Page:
EPA TSCA Implements TSCA Fees Rule
November 6, 2018
On September 27, 2018 the United States Environmental Protection Agency (EPA) finalized the Fees for the Administration of the Toxic Substances Control Act (TSCA). The final rule became effective on October 18, 2018. Under the final rule, affected businesses begin incurring fees on October 1, 2018.

Under TSCA, as amended by the Frank R. Lautenberg Chemical Safety for the 21st Century Act (Lautenberg Act) in 2016, the fees provide a sustainable source of funding to defray implementation costs. These fees would go toward developing risk evaluations for existing chemicals; collecting and reviewing toxicity and exposure data and other information; reviewing Confidential Business Information (CBI); and, making determinations in a timely and transparent manner with respect to the safety of new chemicals before they enter the marketplace.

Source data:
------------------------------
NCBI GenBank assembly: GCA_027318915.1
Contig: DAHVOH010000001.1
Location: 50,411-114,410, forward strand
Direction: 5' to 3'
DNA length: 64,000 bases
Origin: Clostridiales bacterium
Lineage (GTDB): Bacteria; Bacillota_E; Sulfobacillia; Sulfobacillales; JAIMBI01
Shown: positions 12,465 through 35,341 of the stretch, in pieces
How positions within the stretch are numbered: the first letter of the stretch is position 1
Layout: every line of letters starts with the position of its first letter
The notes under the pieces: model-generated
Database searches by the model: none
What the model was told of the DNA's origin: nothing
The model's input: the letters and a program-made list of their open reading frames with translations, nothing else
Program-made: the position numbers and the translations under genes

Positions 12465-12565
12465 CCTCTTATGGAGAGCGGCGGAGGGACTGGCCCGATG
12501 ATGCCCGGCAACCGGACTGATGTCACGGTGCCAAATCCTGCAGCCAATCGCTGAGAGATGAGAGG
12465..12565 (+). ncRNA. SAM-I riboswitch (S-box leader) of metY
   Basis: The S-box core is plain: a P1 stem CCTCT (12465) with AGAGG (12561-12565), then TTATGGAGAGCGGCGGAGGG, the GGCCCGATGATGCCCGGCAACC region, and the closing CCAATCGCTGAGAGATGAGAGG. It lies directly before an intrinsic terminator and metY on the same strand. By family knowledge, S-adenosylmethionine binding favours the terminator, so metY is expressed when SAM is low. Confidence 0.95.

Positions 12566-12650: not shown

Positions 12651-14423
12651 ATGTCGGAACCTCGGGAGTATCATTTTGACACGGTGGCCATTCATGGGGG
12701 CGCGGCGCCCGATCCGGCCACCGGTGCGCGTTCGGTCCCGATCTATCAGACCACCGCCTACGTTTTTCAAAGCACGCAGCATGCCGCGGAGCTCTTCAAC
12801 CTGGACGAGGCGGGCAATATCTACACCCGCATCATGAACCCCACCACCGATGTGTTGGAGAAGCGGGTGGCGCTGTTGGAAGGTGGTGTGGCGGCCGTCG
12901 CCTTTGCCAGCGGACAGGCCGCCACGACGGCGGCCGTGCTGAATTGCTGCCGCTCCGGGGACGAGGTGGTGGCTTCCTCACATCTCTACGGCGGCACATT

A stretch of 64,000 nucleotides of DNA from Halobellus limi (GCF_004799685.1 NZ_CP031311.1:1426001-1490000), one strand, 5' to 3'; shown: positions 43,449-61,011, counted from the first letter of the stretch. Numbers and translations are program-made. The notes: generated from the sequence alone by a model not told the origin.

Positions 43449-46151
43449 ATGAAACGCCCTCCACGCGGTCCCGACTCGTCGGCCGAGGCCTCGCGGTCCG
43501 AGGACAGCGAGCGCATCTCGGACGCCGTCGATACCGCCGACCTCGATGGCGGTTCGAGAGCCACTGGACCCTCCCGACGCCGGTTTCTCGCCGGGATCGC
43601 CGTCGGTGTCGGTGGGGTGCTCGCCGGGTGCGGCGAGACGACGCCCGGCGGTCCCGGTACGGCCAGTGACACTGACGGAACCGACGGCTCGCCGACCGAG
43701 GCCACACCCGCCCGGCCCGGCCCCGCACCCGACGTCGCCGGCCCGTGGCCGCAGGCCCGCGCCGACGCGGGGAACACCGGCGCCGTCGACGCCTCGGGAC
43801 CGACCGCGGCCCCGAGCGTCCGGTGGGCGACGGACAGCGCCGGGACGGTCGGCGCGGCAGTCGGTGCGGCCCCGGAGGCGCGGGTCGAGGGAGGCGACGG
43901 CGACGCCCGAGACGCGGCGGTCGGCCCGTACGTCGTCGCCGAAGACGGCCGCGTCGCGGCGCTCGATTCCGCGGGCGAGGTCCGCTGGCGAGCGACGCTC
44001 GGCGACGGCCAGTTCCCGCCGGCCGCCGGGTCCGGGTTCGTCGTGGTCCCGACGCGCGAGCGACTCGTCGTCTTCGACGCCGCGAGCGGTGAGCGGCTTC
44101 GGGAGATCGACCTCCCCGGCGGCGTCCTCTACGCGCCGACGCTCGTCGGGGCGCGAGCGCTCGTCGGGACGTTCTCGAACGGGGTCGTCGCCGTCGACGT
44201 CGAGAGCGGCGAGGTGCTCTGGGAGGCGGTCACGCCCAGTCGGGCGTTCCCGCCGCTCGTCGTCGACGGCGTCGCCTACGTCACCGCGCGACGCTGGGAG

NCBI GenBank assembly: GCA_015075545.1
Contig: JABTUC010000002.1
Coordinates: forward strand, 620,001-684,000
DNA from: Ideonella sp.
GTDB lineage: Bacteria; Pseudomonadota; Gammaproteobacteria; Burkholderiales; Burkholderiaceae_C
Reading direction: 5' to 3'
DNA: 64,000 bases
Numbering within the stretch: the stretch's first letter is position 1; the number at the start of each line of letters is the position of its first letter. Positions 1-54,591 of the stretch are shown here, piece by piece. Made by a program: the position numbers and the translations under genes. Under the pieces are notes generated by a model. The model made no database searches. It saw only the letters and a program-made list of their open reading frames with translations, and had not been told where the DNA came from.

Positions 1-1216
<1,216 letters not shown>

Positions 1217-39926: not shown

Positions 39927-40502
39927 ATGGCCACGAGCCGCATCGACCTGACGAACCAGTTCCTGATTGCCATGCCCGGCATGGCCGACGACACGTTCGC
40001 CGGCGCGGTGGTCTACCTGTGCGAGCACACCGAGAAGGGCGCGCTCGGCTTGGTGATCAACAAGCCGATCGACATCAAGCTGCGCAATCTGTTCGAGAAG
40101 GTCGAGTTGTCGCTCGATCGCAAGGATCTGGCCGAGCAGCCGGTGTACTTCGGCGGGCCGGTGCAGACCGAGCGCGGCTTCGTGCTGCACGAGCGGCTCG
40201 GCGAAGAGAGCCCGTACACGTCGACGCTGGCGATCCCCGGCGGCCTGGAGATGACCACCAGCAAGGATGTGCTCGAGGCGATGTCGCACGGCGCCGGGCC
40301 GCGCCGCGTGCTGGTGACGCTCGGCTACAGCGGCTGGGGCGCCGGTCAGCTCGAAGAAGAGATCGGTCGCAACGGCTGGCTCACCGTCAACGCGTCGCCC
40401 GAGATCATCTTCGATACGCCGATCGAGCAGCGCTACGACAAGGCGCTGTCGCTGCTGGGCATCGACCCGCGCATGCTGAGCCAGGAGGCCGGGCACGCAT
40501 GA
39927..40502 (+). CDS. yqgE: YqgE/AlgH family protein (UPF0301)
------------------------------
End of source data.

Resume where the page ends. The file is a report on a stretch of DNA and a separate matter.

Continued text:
Small businesses are eligible to receive a substantial discount of approximately 80% on their fees. EPA is defining a small business on an employee-based size standard, modeled after the Small Business Administration's standards. In order for an entity to be classified as a small business, its revenue or number of employees (including all affiliates) shall not exceed the size standard for the applicable industry.

TSCA Table How Can Exponent Help?

Exponent’s scientific and regulatory consultants have expertise in new and existing chemicals support for EPA TSCA. Exponent scientists are well versed in EPA’s Sustainable Futures models, QSAR modeling, read-across strategies, testing design and monitoring, systemic literature reviews and weight-of-the-evidence-based hazard and risk assessments. Exponent can help perform relative risk screenings for chemicals in your existing inventories, as well as identify significant data gaps, and design intelligent data gathering programs to cost effectively provide the most critical information. In addition, Exponent’s scientists and materials engineers can assist you in identifying and integrating favorable substitutes for chemicals of potential concern used in your products.